Zimbabwe through the eyes of a single mother


You can read a dozen nonfiction books about Zimbabwe under Robert Mugabe’s kleptocracy and fail to get a more vivid sense of what life is really like there than from this recent novel by Tendai Huchu. In one short work of fiction, Huchu conjures up the sad reality of day-to-day existence in that beleaguered country: the 90 percent unemployment, the ubiquitous corruption, the hyperinflation, the ever-present shortages, the barely functional electricity service, the vicious eviction of white Africans from their farms and businesses, the rabid homophobia.

The people of resource-rich Zimbabwe are among the world’s most poverty-stricken, and average life expectancy in their country is thirty-seven, but what does that really mean for the way they live their lives, day after day? The Hairdresser of Harare opens up a window on that steadily unfolding tragedy.

The Hairdresser of Harare by Tendai Huchu @@@@@ (5 out of 5)

Here is Huchu summing up this reality: “I felt an atmosphere of friendliness, violence, innovation, poverty, joy, but the only thing that hung over everything else was despair; an air of hopelessness as if everyone was in a pit that they could not climb out of.”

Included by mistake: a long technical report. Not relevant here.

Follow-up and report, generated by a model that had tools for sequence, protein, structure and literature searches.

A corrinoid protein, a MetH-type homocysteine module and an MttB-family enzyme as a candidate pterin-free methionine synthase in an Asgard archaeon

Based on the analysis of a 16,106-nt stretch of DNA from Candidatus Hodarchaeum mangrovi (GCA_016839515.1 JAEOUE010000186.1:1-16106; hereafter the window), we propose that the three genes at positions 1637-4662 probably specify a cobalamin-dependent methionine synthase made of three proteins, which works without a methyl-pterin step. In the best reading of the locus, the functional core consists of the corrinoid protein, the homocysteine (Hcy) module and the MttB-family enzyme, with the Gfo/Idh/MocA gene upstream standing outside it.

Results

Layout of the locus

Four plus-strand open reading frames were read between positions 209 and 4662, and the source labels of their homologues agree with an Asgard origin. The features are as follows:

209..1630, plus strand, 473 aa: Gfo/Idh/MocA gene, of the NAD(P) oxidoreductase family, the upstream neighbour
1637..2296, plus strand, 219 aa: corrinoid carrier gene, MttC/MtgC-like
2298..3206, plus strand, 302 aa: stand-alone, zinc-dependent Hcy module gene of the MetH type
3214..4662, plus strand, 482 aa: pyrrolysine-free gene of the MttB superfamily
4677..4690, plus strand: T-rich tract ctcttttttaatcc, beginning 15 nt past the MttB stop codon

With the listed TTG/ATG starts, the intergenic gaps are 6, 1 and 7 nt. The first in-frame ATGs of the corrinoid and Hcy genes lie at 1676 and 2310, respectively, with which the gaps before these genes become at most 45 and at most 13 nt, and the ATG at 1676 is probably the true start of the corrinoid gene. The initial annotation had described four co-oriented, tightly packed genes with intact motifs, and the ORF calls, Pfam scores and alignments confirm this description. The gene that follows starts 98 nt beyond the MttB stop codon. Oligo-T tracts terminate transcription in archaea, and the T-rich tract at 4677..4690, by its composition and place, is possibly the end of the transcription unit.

Set in the capital city, Harare, and revolving around the hairdressers who eke out a living from a beauty salon, The Hairdresser is the first-person account of a talented beautician named Sisi Vimbai. As a teenager, Vimbai was impregnated by her Sugar Daddy, a wealthy businessman who quickly grew distant soon after she gave birth to a daughter. Now nearly twenty-six, with a ten-year-old to support, Vimbai is on the verge of desperation when a new threat arises: a handsome young man of twenty-two named Dumi has displaced her as the salon’s most sought-after hairdresser. The novel spins out the tale of Vimbai and Dumi’s growing relationship.

Since writing The Hairdresser of Harare, which appeared in 2010, Huchu has published a second novel, The Maestro, the Magistrate, and the Mathematician. A native of Zimbabwe, he now lives in Scotland and is employed as a podiatrist.

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